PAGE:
This entry has nothing to do with writing. I just wanted to let you know before you got too far into it to turn back.
Still here? Good. I’m glad.
While I’d love to say you’ll be rewarded with a pleasant story about Liam, or something funny that my wife did, that’s just not the case today. This isn’t going to be a pleasant entry, but it’s something I have to write about.
I buried my dog yesterday.
He had been in severe pain for nearly a week, and we were told by his vet that he just wasn’t going to get better. He had been sick for quite some time, but he never showed any real outward signs of it. I like to think that he knew what we were going through with Liam’s ups and downs, and he just didn’t want us to worry over him at the time.
Last Friday, I noticed that Fezzik had begun to walk with his back hunched. He was also wincing in pain here and there. I thought it was just the arthritis in his back legs acting up. He’s had a history of pain in his back legs, so I didn’t really think twice about it. On Saturday, he began vomiting anything he ate or drank. By Sunday, he had stopped eating and drinking altogether. We went to the vet on Monday, and he received some medication for the pain, plus something to help his stomach and possibly get him to eating again. When he didn’t, he went back to the vet Tuesday afternoon to receive fluids. By Wednesday, they had determined that his symptoms matched pancreatitis. Thursday morning, I brought him back to the vet; he had begun having violent tremors, and he could no longer stand up at all. The tests confirmed pancreatitis — but that wasn’t all. His pancreatitis was just a symptom.
Fezzik had cancer.
The vet went over the options with me over the phone. We must have talked for twenty minutes, and even she was getting choked up about it by the time we hung up. I asked if he would ever be the same after this; if, even after he pulled through (which, with his age, was not likely), he would ever go back to being the dog that was part of our family. She told me that if he was going to get better, he would have been getting better already . . . and he was getting worse. I asked if it was time to put him down. She said that if he was her dog, that’s what she would do. He was in too much pain, and it was the best thing we could do for him.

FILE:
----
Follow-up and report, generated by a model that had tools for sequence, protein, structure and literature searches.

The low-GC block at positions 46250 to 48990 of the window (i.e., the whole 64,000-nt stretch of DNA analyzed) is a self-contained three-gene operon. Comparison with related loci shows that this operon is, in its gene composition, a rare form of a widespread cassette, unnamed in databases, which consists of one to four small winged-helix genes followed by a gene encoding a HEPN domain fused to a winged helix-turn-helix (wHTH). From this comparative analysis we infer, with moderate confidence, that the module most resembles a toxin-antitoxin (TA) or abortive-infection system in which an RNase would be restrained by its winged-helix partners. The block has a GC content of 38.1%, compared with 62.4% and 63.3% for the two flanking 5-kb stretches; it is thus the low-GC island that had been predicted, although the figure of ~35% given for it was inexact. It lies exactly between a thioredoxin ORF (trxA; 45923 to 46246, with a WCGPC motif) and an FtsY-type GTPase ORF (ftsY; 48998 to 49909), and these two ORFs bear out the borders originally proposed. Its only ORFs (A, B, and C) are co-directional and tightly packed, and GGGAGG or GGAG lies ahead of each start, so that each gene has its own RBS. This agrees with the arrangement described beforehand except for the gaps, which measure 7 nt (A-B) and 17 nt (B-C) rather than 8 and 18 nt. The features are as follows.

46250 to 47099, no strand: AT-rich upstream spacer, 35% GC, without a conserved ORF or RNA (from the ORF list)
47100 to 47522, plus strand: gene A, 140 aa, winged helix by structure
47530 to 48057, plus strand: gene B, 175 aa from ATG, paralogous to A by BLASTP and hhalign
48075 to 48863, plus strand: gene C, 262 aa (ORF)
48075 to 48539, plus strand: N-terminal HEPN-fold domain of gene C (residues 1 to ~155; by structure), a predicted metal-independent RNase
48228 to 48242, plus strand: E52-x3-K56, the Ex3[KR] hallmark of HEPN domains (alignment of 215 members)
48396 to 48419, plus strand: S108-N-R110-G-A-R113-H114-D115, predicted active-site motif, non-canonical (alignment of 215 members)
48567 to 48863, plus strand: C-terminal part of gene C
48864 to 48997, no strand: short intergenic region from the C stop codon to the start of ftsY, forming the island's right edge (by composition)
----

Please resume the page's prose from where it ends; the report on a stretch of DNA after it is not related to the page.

We went over all the specifics, and I hung up. I stood outside my office and cried. I walked the path that runs behind the building — the same path that Michelle and I had walked with Fezzik several times when we lived nearby. While walking, I decided that I wanted to be with him when it happened. I called my own desk and told my supervising partner what was going on, and that I’d be back a little later.
By the time I got to the vet, they had already sedated him. They wrapped him up in a blanket and brought him into an examination room with me. I had mixed feelings about watching him die, but I’m glad I went. It was nice to see him relaxed again. He wasn’t wincing anymore, and he wasn’t trembling. He just lied there on the table while I scratched him behind the ears and under his chin. I let the vet know that I was ready, and she gave him the injection.
She warned me beforehand that it was common for the dog to let out a yelp or a whine when the needle was inserted, even while sedated — but Fezzik didn’t. He just lied there, ready to let go. Once the solution was in his veins, the vet placed her stethoscope against his chest.
Ten seconds later, he was gone.
I’m glad that we were able to do this for him — that we were able to give him a quick, painless release instead of the kind of death he would have experienced otherwise. The type of cancer he had would have slowly eaten away at his internal organs; he would have been dealing with a constant pain so intense that no medication could have given him any lasting relief. No matter what we did, he would have died. This way, he died without pain, without suffering. And I was there with him to see him off.
I opted to bring him home with me and bury him in our backyard. I didn’t want him to end up in a bag in the city dump. So we went on one last ride back to the house, and he waited patiently while I dug him a new home.
I hadn’t anticipated the sense of closure that digging his grave would give me. It felt like one last thing I was doing for him. “Here you go, pup. I’m doing this so your body doesn’t end up in a pile of garbage.” I’d like to think he would have appreciated it.
The further down I dug, the harder it became. The soil was more compact and harder to break up. Roots from a nearby tree were starting to poke through and get in the way. But I kept digging. At that moment, it was my mission; it was something I just had to do.
When the hole was finished, I wrapped Fezzik in the bag the vet had given me. I placed him at the bottom of the hole, then covered it up. I packed it as best I could, watering the soil to help further the process. A good rain or two, and you probably won’t even be able to tell where his body is buried.
But I’ll always know. I’ll never forget.